SECRETARY KERRY: You look like you're all dressed up for a party. (Laughter.) You look fabulous.
SECRETARY KERRY: Yeah? (Laughter.) You embarrassed? Go ahead. Anyway, well, how are you all? Everybody good?
SECRETARY KERRY: Full of energy? I just want to say thank you. I'm so appreciative. First of all, let me thank our great Ambassador Will Moser, who is doing a great job. We are really appreciative for everything he does -- thank you. (Applause.) Thank you. And if you hadn't applauded, you'd have all been fired. (Laughter.) No, no way.
And I'm really delighted. I'm traveling with our Assistant Secretary of State who's responsible for all this area, Victoria Nuland over here -- Toria, as we call her. (Applause.) And --
AMBASSADOR MOSER: I thought I would be fired. (Laughter.)
SECRETARY KERRY: Hopefully you'll all be seeing a lot of her over time as we get out here.
But let me just say a quick thank you. I don't want to give a speech, a long-haul, or anything like that. I'd like to just have a chance to run up and down the line, shake your hands, and say thank you. But we have a great Embassy out here. And you are right now engaged in a really important enterprise, which is helping Moldova to be able to make this shift of focus so it can choose to be affiliated with the economies and the countries and the values and the opportunities that it wants to be. And that means integration with Europe. What happened in Vilnius a few days ago with the initialing of the documents for the association agreement and also for the Deep and Comprehensive Free Trade Agreement is a critical step towards this full integration.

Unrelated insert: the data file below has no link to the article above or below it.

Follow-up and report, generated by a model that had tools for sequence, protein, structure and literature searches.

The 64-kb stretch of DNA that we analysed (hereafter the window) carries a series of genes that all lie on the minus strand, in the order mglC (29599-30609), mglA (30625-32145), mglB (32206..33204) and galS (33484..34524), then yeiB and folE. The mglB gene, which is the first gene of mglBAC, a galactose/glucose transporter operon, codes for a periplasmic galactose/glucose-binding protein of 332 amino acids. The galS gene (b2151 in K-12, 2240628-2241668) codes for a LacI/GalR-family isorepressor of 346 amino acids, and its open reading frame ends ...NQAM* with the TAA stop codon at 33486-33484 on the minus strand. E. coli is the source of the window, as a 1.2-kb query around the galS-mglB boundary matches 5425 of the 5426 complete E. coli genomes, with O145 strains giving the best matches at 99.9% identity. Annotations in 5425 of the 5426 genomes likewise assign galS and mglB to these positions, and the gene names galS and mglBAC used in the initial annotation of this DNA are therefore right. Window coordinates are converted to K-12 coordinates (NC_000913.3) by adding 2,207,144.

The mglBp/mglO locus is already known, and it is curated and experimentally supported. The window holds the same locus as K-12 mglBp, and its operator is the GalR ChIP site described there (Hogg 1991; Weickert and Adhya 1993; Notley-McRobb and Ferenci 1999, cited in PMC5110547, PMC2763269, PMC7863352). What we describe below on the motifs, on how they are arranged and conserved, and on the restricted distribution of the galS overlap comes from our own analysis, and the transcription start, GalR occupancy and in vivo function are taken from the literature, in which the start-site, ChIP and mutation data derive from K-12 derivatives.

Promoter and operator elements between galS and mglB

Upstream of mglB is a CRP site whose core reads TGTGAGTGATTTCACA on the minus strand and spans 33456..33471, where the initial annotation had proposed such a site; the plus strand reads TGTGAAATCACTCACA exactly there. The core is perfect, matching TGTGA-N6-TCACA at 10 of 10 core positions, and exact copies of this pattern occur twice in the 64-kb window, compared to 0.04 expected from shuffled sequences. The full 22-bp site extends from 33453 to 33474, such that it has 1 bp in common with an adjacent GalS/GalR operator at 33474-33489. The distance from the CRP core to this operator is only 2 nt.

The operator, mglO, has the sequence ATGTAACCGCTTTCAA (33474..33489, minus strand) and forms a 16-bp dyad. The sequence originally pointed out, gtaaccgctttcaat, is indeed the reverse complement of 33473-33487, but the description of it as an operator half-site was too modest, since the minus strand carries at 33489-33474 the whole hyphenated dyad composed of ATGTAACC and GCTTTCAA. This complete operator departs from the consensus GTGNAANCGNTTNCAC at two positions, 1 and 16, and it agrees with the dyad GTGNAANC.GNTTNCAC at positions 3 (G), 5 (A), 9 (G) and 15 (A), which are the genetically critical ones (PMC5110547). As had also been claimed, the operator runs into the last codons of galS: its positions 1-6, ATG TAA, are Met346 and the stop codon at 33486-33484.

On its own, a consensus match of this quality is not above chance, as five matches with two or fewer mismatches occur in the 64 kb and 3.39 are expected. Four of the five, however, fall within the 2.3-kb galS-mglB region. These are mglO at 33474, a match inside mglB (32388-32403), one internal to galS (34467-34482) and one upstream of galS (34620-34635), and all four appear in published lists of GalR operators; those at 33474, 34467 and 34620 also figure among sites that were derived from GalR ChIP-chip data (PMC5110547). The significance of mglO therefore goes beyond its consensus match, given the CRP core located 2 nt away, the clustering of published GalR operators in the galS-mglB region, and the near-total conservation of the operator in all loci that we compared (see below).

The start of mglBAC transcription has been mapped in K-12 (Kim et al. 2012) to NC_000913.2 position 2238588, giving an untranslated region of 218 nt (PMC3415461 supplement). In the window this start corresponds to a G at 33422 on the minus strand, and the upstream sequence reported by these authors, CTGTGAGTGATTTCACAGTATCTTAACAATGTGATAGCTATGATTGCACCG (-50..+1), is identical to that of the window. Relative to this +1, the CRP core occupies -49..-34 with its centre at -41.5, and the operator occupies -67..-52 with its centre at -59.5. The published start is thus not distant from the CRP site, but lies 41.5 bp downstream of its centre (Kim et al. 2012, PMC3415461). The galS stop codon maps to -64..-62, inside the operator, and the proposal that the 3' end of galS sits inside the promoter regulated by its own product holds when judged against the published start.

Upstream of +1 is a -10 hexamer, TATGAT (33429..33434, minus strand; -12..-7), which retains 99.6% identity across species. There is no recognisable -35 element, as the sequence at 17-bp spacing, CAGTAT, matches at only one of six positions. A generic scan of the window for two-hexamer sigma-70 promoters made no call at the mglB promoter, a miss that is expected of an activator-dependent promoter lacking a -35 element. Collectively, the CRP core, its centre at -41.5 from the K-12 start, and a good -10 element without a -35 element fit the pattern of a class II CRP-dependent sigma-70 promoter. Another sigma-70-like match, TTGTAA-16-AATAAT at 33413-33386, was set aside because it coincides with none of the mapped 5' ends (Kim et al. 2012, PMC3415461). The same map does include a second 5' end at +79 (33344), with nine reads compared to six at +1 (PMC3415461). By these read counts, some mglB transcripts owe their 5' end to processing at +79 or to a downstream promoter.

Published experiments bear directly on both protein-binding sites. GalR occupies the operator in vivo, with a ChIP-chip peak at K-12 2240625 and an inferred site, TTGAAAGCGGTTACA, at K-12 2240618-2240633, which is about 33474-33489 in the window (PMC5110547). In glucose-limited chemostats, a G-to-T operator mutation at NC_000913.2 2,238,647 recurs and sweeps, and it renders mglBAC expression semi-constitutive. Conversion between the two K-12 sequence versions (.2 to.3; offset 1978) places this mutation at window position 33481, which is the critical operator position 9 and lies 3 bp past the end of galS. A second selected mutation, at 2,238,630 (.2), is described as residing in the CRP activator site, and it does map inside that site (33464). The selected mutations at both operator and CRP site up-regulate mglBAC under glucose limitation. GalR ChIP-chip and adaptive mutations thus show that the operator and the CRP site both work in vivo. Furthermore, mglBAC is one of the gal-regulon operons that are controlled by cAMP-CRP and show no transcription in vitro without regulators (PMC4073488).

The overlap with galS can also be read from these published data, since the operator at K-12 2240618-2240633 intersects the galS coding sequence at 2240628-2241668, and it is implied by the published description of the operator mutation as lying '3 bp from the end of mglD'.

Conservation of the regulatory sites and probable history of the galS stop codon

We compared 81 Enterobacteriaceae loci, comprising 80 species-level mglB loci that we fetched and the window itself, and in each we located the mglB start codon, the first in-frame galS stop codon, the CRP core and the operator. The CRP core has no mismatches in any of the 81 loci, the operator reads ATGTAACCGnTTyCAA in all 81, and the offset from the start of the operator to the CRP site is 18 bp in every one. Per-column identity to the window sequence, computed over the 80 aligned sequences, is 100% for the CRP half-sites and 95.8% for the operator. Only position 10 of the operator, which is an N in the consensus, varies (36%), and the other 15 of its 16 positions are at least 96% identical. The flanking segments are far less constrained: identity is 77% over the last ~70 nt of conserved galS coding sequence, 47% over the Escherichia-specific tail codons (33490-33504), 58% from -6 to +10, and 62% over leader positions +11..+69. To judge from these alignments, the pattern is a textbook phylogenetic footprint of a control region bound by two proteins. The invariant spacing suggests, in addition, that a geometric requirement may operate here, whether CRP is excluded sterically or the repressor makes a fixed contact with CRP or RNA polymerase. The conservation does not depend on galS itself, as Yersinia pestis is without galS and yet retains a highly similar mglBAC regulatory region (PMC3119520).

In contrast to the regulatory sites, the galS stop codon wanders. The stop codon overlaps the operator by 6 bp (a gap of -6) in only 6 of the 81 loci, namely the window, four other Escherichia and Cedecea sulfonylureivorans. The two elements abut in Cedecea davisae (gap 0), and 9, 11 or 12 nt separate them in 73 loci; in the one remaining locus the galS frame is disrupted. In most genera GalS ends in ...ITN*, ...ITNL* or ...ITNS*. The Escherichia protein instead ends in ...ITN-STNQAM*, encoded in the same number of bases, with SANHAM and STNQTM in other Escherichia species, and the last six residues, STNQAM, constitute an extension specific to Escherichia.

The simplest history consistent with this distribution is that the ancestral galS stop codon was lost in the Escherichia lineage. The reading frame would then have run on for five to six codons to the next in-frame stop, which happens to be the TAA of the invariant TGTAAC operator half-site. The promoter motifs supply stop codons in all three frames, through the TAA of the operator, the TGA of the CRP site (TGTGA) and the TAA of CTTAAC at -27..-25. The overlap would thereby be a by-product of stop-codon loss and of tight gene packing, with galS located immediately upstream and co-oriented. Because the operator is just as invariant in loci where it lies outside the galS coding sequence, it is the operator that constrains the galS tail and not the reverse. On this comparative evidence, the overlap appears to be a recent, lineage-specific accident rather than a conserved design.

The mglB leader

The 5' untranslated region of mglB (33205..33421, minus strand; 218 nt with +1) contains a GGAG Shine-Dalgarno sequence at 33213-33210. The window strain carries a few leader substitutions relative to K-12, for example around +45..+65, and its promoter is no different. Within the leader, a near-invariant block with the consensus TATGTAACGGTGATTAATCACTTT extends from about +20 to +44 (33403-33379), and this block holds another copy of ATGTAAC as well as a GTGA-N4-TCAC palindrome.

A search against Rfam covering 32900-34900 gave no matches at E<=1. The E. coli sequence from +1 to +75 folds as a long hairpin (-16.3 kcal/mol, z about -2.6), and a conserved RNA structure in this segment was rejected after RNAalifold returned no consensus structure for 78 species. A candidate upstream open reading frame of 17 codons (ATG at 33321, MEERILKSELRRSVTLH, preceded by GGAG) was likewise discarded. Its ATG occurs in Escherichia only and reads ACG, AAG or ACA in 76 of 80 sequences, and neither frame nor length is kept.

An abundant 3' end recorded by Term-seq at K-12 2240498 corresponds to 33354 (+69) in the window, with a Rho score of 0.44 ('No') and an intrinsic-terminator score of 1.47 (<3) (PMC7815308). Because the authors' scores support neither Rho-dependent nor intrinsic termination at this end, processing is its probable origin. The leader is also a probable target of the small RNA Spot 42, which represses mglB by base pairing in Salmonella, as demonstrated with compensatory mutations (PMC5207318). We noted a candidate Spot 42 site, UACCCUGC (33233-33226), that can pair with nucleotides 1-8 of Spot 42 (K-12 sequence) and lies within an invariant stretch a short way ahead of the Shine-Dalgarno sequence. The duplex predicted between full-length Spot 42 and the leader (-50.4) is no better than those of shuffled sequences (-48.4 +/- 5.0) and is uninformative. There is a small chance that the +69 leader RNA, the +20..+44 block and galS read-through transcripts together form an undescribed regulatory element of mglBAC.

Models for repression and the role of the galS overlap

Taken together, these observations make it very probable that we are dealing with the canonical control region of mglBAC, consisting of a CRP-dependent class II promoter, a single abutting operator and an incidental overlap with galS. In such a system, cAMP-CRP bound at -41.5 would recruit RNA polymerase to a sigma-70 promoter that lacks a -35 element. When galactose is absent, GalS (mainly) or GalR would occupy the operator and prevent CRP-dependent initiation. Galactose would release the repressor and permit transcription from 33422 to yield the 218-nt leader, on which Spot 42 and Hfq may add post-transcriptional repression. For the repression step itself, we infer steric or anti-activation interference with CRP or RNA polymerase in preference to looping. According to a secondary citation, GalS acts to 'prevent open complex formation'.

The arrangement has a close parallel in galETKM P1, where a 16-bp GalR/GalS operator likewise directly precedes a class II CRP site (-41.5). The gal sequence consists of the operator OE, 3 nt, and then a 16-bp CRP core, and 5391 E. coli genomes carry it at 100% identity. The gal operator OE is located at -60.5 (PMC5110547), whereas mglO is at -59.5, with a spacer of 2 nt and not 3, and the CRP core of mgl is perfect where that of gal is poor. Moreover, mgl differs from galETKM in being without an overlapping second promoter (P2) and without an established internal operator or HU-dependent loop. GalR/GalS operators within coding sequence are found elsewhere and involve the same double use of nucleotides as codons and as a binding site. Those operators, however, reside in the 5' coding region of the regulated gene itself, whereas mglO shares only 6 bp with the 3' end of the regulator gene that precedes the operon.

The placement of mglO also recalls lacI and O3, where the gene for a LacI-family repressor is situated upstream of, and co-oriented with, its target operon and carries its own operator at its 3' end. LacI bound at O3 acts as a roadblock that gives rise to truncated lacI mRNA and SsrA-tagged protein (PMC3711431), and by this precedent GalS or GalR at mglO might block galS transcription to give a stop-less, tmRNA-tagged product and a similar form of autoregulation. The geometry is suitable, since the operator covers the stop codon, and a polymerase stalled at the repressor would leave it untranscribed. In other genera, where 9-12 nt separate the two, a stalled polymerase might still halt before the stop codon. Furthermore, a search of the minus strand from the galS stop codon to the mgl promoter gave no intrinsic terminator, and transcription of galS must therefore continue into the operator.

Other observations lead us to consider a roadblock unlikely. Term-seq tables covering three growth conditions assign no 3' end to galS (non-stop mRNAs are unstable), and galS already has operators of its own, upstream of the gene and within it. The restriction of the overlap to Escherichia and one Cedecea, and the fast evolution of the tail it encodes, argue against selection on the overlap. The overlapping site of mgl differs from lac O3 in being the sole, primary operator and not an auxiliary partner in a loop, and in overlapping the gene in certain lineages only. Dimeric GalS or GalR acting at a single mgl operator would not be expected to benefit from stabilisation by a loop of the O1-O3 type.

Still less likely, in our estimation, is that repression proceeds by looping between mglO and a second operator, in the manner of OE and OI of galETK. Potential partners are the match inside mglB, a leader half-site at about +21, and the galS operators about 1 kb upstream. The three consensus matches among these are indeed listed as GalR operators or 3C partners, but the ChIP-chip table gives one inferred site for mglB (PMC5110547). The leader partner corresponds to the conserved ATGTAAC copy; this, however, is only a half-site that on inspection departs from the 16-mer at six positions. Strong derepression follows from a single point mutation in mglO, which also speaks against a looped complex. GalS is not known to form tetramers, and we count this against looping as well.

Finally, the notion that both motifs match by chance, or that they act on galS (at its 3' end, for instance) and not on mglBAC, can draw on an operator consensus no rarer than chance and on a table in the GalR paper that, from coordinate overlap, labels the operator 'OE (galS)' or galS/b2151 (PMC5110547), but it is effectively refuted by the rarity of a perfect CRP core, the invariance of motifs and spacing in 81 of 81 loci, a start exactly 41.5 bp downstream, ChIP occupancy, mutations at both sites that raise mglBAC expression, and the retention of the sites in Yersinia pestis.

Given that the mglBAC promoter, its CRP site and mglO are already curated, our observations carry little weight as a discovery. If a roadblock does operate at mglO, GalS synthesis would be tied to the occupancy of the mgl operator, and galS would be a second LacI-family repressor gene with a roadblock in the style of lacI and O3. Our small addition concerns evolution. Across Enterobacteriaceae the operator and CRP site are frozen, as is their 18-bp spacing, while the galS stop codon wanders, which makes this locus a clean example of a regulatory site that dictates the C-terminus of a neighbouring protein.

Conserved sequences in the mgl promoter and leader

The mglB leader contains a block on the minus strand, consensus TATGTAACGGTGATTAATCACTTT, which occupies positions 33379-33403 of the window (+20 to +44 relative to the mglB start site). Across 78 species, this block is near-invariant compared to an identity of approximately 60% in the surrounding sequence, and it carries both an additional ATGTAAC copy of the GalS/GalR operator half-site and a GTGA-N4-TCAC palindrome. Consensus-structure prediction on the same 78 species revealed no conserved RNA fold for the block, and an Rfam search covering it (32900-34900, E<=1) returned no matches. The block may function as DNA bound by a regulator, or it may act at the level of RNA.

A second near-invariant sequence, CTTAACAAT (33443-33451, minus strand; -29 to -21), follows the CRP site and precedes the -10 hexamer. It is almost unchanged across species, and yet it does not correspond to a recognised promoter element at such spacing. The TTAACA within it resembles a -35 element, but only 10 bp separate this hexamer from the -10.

Now, in my meetings with the prime minister who was here a moment ago -- where did Prime Minister Leanca go? I think he's out there talking to Michael Gordon. Is he still here? Or he's in the other room?
PARTICIPANT: He's across the hall.
SECRETARY KERRY: He's across the hall. He went over to talk to The New York Times. He knows what he needs to do right now. (Laughter.) Much more important. But anyway, we had a terrific conversation. But he made it clear to me that the road ahead is not automatic. It's not easy, and there will be pressures. And we've all seen what's happened in Ukraine in the last few days. So this is not always easy, but it's the right thing to do.
And so what I've gained out of this very short, quick visit, which I apologize to you for -- I hate coming in and going out -- but I thought it was far more important on my way to Israel, where I have to go for our Middle East peace process, that since we had the chance to come by here at this important time, and given what's happening in Ukraine, I wanted to come here in order to be able to send a message about the importance of the choices that the government is making and what you're working on.
So we're going to work hard at this. We've got the Millennium Challenge Corporation grant that's going on, Compact. We've got other initiatives that we're engaged in, in helping them to deal with competitiveness, with businesses. I just came from the winery where we had a chance not only to taste a little wine -- (laughter) -- very little, I might add -- but importantly, we were able to see a business that we think we can make a difference in with respect to how they market what their opportunities are. And particularly since Russia sort of brought the wall down and said, "We're not going to let you sell your wine because you want to affiliate with Europe," well, we've got to help open up the market so that they can see that that choice pays off.